Tag: italy

Hemingway, “Cat In the Rain” (1924)

American Writer. Ernest Hemingway With His First Wife Hadley Richardson And Their Son John Hadley Nicanor Hemingway (Jack) In Schuns, Austria, 1926. (Credit unclear. Found on “Posterazzi,” on Amazon.)

There’s always been various connections between Hemingway and cats, even in passing. This is one of them.  Carlene Brennen in Hemingway’s Cats (2000) describes Hemingway’s young marriage to Hadley Richardson when she wanted a child and a cat. A child was out of the question: he was writing. She was lonely. At the time Hemingway was a reporter for the Toronto Star, writing from Europe. She had nothing to do. They both loved cats but he told her they were too poor to own one. They lived in a shabby rented room with beautiful views of Paris rooftops. Hemingway thought the room had belonged to Verlaine, where Verlaine had died. He worked. She paced. She got pregnant, unexpectedly. “The story was a tribute to Hadley, who was dealing with her first year of marriage, the loneliness it entailed, and her deep desire for motherhood,” Brennen writes. Brennen then cites Gioia Diliberto’s biography, Hadley, that found Hemingway basing the story on an incident in Rapallo in 1923, the little Mediterranean town near Genoa, where the couple spent some time when Hadley was two months pregnant. She saw a kitten hiding under a table, just as in the story. “I want a cat,” she is reported to have said in the biography, or in the story: Brennen doesn’t make a distinction. “I want a cat. I want a cat now. If I can’t have long hair or any fun I can have a cat.” Ernest actually gave her a small dog in her last month of pregnancy, and they both took to it. “Cat in the Rain” was part of the In Our Time collection published in 1924.

As in “The Quay at Smyrna,” most of the story is in what’s not told, though in this case, between the affected prose and the Hemingway anchor attached to the story, it leaves a lot of room for wild interpretations. The biographical context of the story doesn’t help, except to shed some of the pretentious assumptions a critical reading of the story risks producing. To me, a little too obviously, the protectiveness for the cat is the basic maternal instinct, the more so since Hadley was gestating child and instinct. The opening scene-setting seems superfluous: the war monument, the palms, the Italians who come “from a long way off” to look at the monument, even Italy: they could have been on a hot tin roof for all we care, the story could have still been pulled off the same way but for Hemingway’s affectations and his desire to advertise that he’s ben to an Italian seaside town with a war monument. The insistent rain is necessary to ensure that the cat needs to be sheltered from it, though wind, cold, sleet or afternoon heat might’ve had the same effect on most cats. Why the woman is referred to, twice, as a “girl” is unclear. Maybe that’s how Italians saw Americans. Why she can’t have long hair even more so: in the mid-20s? In Europe? Finally, the cat presented to her by the Italian maid may not be the one she’d seen, though given the incessant rain, it seems a quick check of her fur would reveal whether she’d been outside or not. The ambiguity seems more literary than meaningful, although isn’t it so with  child: you never know what you’re going to get until it’s delivered. Or didn’t, anyway, back then, before the era of grotesque-dimensional ultrasounds.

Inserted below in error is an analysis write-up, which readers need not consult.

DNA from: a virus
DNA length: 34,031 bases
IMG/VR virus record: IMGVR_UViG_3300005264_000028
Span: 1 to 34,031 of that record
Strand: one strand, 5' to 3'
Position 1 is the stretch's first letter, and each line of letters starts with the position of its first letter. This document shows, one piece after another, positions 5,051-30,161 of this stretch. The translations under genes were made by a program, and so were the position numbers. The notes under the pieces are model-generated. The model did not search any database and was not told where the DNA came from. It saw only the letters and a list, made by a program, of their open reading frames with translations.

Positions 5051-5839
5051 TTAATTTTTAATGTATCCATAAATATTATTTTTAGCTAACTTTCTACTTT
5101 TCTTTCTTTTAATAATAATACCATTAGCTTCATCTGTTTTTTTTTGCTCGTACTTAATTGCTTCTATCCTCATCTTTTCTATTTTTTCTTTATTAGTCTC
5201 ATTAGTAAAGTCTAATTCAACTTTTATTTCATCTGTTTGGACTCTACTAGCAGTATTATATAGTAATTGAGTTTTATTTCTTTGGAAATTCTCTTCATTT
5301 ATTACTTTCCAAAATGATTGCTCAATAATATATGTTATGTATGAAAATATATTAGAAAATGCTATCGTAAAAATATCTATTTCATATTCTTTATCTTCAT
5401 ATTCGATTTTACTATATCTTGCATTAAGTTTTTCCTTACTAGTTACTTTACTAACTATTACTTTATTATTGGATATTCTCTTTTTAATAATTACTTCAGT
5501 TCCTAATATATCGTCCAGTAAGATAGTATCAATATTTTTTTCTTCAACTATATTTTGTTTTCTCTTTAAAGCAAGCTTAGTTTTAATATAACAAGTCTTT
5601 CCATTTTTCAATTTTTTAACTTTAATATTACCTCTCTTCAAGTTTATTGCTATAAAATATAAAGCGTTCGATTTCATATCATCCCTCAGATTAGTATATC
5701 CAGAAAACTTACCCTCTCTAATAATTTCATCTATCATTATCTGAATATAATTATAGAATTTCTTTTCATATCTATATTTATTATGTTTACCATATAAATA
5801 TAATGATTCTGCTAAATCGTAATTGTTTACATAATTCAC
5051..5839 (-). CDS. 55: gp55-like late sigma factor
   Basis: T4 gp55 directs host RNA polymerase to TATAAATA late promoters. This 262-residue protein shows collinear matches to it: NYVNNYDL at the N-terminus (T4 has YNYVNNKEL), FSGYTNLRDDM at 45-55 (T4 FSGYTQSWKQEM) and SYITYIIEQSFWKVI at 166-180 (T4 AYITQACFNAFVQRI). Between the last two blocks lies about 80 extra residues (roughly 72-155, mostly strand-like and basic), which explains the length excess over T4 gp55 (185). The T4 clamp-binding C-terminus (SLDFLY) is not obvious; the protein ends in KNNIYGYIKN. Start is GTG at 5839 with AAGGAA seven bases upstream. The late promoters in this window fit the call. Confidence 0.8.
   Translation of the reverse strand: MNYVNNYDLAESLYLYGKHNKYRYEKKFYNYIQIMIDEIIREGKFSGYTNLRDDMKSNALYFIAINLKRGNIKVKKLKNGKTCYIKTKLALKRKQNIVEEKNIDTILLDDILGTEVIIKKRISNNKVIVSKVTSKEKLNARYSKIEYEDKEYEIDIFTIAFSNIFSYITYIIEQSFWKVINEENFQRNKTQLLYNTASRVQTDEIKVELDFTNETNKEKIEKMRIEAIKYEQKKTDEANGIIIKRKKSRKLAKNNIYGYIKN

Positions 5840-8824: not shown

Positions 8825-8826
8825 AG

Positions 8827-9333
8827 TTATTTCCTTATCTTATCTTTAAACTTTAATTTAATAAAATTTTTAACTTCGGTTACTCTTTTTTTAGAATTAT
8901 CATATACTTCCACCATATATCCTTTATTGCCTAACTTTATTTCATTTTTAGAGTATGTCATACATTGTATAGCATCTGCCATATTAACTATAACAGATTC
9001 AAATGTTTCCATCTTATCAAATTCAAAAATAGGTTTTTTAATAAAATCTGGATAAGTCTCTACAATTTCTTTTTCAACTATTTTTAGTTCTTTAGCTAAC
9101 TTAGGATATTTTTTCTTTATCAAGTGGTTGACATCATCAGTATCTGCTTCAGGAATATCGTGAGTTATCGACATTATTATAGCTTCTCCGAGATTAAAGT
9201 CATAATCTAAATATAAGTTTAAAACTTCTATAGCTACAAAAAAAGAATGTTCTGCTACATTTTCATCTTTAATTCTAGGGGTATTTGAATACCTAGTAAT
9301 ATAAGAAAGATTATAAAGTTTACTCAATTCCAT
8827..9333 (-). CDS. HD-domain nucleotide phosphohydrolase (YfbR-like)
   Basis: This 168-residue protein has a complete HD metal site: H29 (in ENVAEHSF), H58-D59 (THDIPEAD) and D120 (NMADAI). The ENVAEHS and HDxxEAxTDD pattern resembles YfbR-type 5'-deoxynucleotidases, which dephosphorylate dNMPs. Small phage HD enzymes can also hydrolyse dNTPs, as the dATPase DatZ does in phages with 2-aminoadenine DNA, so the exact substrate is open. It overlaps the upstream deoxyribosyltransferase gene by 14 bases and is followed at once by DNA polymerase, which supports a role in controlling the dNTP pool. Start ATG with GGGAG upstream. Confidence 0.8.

This is too much: “Italians came from a long way off to look up at the war monument. It was made of bronze and glistened in the rain. It was raining. The rain dripped from the palm trees. Water stood in pools on the gravel paths. The sea broke in a long line in the rain and slipped back down the beach to come up and break again in a long line in the rain. The motor cars were gone from the square by the war monument. Across the square in the doorway of the café a waiter stood looking out at the empty square.” This is the sort of paragraph that makes Hemingway disciples swoon. This is the sort of paragraph that does not make me swoon. It just makes it clear how much of a one-trick wonder Hemingway was, and how much he demolished generations of writers who tried to be the next Hemingway. At least Camus had something to say in his minimalism. With Hemingway, the iceberg below the surface is hollow.